Today’s New York Times ran a story on its front page entitled “Aides Say Obama’s Afghan Aims Elevate War.”
WASHINGTON — President Obama intends to adopt a tougher line toward Hamid Karzai, the Afghan president, as part of a new American approach to Afghanistan that will put more emphasis on waging war than on development, senior administration officials said Tuesday.
Mr. Karzai is now seen as a potential impediment to American goals in Afghanistan, the officials said, because corruption has become rampant in his government, contributing to a flourishing drug trade and the resurgence of the Taliban.
They said that the Obama administration would work with provincial leaders as an alternative to the central government, and that it would leave economic development and nation-building increasingly to European allies, so that American forces could focus on the fight against insurgents.
Yes, the Kabul government is absolutely an impediment to any sort of civil society in Afghanistan. As Stirling Newberry pointed out in an email exchange, the perniciousness of the Afghan government makes using the word “insurgent” absurd; being hostile toward Kabul is no longer sufficient to make you a disloyal Afghan. As I’ve written elsewhere, the government that until now has been backed with U.S. violence ranks very, very poorly on corruption indexes (176 out of 178 in the world) and has been termed by one Afghan women’s organization as “The Rule of the Rapists.” Backing that government with U.S. military violence will only generate more hatred of the U.S. in the rural majority outside of Kabul.
Further, if we are abandoning support for the Kabul government, then even calling what we’re up to in Afghanistan a “counterinsurgency strategy” is even more absurd. The “north star” of a national counterinsurgency strategy is a legitimate host nation government, according to the U.S. Army/Marine Corps Counterinsurgency Field Manual. For such a strategy to work, we’ll have to find new extant power centers (or a new host government) to back. If we choose the former, U.S. violence will contribute to the breakup of the Afghan state as we know it, and run the risk of being increasingly drawn into tribal politics and rivalries. In that case, we’ll be beholden to various competing local groups for intelligence, and could be baited into attacking groups’ rivals instead of targeting al-Qaida. If we choose the latter, we’ll either be stuck without an anchor host government until a new government forms, or risk undermining the new government’s legitimacy by making them look like U.S. stooges.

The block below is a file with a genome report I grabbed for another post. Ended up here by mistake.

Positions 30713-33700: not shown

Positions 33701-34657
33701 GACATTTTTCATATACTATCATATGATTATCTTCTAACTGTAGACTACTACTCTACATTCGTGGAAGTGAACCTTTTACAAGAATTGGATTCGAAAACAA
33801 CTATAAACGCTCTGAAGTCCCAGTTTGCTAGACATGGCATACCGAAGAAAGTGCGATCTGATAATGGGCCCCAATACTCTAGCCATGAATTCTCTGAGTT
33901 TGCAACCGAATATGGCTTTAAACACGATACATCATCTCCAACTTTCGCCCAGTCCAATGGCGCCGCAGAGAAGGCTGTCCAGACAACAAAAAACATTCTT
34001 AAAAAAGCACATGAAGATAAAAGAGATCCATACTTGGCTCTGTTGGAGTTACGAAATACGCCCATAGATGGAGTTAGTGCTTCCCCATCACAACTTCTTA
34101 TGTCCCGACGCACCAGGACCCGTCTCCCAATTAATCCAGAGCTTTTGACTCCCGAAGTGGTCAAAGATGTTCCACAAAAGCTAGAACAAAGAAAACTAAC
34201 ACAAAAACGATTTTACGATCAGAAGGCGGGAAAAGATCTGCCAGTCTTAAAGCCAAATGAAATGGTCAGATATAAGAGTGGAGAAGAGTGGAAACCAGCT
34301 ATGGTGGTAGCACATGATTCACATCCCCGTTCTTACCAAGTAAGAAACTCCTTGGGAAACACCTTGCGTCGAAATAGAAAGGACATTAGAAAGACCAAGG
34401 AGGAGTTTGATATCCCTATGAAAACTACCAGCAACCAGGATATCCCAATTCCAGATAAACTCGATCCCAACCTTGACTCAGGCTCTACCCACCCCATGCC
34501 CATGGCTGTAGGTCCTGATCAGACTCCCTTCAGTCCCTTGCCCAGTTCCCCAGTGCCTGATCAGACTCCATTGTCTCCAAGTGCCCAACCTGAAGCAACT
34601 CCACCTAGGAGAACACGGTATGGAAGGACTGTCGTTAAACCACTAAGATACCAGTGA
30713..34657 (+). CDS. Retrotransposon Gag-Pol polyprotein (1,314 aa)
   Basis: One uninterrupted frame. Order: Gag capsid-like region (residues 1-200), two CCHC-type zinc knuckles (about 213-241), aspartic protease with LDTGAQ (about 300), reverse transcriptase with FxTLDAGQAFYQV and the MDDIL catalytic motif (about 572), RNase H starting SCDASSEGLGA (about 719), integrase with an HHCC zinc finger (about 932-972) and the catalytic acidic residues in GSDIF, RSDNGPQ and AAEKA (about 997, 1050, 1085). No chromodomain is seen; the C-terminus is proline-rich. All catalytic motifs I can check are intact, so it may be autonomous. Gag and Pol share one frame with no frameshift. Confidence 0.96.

But the new administration lives in a fantasy world if it believes that emphasizing military force while leaving development to the ho-hum NATO coalition in Afghanistan will a) bring piece, or b) stop Afghanistan from being used as a base for attacks against Americans. To the contrary, this approach will drive people to groups hostile to U.S. forces and make it easier for them to attack U.S. citizens. The new administration is right to warn people about an “uptick” in violence; emphasizing violence while sending only half the troops “needed” according to the military’s own counterinsurgency doctrine sure sounds like a recipe for getting more Americans killed.
Mr. Gates added that the United States should focus on limited goals. “My own personal view is that our primary goal is to prevent Afghanistan from being used as a base for terrorists and extremists to attack the United States and our allies, and whatever else we need to do flows from that objective,” he said.
Call me crazy, but putting relatively small numbers of Americans (American troops are also American citizens, remember?) in the middle of hostile territory and telling them to shoot at hostile people doesn’t seem to be the best way to prevent violence against Americans. The message sent by this policy is that American troops are the expendable American citizens, and we only care about violence against non-expendable Americans. Otherwise, the U.S. wouldn’t pursue a policy that provokes violence against Americans while making it easier for hostile forces in Afghanistan to get to and attack Americans.
Aside from strategic reasons for those of us in the Christian anti-war movement to keep pressure on a candidate we helped elect is the purely political reason: this policy will cost Obama substantial political capital and will rapidly dampen enthusiasm about his presidency, undermining his ability to pressure Congress to pass progressive reforms elsewhere.